DFC and DFG Series of Digital Handheld Force Gages

October 01, 2018
DFC and DFG Series of Digital Handheld Force Gages

The L.S. Starrett Co. has introduced its DFC and DFG series of digital handheld force gages. Depending on the series, advanced automatic testing can be attained with the DFC force gage controlling a Starrett FMM digital force tester, or basic testing can be performed using the DFG gage.

The Starrett DFC and DFG digital force gages are part of the new Starrett L1 line of entry level digital force measurement solutions. Optimized for production and quality control testing, the versatile, innovative architecture of the Starrett L1 system is designed for fast, easy-to-use, reliable and repeatable operation. Starrett DFC and DFG digital force gages feature an easy-to-view high-resolution OLED color backlit display and auto-off function. A primary and secondary window shows test results, and out-of-tolerance results display in red. A simple multiple-function keypad has softkeys that are programmable to the users’ most repetitive functions.

Adjustable sampling rates help capture peak loads, and filters can be applied to peak and display values. The Starrett L1 digital force gages' battery life provides over 30 hours of continuous operation and have a USB port for transmitting data to a computer. The gages have a cast aluminum housing with a comfortable grip design for handheld testing, and a metric threaded top post enables screw-on attachments and clevis adapters that fit hundreds of Starrett test fixtures.

“Whether for simple, basic economical testing via handheld gaging, or more advanced testing when mounted on our L1 stands, our innovative Digital Gages provide the ultimate solution in force measurement versatility,” said Emerson Leme, head of Metrology Division at Starrett.

The DFC Series is a revolutionary concept for force measurement via a handheld force gage. The DFC may be used as an advanced digital force gage and controller with Starrett FMM Force Testers, or as an advanced digital force gage with Starrett MTL and MTH Manual Force Testers. The DFC Gage can serve as a universal interface where the user tests and can configure load limits, distance limits, break limits, crosshead travel direction, crosshead speed and more. The DFC features a precise measurement accuracy of 0.1 percent full scale with internal data sampling at 25KHz. Display resolution is 10,000:1 and the DFC features Bluetooth, USB and RS-232 communications plus digital I/O.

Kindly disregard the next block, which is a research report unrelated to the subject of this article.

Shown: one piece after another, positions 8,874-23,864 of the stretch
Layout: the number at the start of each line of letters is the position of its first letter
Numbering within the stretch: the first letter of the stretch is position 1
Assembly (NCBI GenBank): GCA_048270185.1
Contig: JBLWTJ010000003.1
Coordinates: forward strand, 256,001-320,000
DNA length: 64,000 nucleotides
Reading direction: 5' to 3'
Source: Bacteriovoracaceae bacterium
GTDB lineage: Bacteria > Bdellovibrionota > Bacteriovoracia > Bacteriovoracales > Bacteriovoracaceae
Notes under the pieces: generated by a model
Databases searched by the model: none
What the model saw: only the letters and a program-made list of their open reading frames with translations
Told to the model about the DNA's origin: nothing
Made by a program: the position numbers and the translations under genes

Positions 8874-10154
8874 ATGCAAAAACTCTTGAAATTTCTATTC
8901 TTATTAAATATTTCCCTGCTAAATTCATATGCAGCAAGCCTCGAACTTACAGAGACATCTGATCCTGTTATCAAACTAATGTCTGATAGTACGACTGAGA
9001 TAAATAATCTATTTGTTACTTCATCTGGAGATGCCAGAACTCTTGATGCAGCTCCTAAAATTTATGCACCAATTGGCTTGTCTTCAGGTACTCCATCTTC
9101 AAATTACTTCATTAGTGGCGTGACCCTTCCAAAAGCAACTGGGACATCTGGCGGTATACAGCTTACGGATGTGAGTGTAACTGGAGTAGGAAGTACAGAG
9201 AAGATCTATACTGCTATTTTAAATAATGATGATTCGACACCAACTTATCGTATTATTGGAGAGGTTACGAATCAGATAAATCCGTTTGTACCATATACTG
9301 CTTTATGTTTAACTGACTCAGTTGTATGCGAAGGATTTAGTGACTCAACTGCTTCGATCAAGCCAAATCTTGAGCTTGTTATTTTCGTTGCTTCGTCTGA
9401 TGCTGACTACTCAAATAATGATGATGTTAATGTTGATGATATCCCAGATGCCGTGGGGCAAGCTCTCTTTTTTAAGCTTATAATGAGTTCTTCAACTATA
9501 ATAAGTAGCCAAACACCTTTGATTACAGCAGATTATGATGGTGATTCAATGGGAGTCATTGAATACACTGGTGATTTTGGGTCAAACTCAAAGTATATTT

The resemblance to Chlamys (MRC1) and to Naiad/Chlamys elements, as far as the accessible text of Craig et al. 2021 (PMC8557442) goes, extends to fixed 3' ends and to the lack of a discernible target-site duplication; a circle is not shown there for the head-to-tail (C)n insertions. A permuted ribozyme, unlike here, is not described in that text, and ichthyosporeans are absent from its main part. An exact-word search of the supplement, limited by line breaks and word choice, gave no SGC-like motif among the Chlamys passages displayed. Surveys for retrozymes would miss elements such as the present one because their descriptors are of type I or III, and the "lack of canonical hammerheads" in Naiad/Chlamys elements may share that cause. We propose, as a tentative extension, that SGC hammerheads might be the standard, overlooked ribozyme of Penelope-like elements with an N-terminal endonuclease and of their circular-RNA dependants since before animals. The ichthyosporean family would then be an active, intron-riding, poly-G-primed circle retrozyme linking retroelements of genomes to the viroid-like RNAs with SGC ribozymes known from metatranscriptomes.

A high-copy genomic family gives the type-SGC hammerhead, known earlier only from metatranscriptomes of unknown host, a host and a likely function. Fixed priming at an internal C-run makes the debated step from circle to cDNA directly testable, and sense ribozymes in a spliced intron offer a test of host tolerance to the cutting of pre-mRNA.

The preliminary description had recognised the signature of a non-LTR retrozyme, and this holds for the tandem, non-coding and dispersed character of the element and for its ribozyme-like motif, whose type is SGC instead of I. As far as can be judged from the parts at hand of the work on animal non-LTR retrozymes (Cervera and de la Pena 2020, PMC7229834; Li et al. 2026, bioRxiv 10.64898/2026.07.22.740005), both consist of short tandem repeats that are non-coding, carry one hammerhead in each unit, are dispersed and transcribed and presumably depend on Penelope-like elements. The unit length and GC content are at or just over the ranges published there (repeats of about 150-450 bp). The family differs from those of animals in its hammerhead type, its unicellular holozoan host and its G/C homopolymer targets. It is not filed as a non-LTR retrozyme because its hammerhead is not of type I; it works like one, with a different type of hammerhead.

The DFG series is a basic force gage that measures force at an accuracy of better than 0.2 percent full scale. It is ideal for basic handheld tensile and compression testing. Test setup and operation is fast, efficient and easy. The DFG display shows the test direction and dynamic load during testing. Results are displayed at the completion of testing, including “Pass-Fail” when tolerance is applied. The gage will display statistics when results are saved to the gage’s internal memory and it can store up to 50 test results in local memory.

Both the DFC and DFG digital force gages are supplied with a complete accessory kit and carrying case that includes hook, notch, chisel and flat attachments, a chisel and point adapter, a 6” extension rod and a NIST-traceable certificate of calibration.

When more sophisticated and complex testing is required, Starrett also offers a range of force solutions via its L2, S2, L2 Plus and L3 Systems. Starrett force measuring equipment is manufactured in the U.S.A. and is available to order now in several configurations including handheld force gages and digital and manual force testing stands.

Related Glossary Terms

  • calibration


    Checking measuring instruments and devices against a master set to ensure that, over time, they have remained dimensionally stable and nominally accurate.

  • flat ( screw flat)

    flat ( screw flat)

    Flat surface machined into the shank of a cutting tool for enhanced holding of the tool.

  • metrology


    Science of measurement; the principles on which precision machining, quality control and inspection are based. See precision machining, measurement.

  • quality assurance ( quality control)

    quality assurance ( quality control)

    Terms denoting a formal program for monitoring product quality. The denotations are the same, but QC typically connotes a more traditional postmachining inspection system, while QA implies a more comprehensive approach, with emphasis on “total quality,” broad quality principles, statistical process control and other statistical methods.

  • tolerance


    Minimum and maximum amount a workpiece dimension is allowed to vary from a set standard and still be acceptable.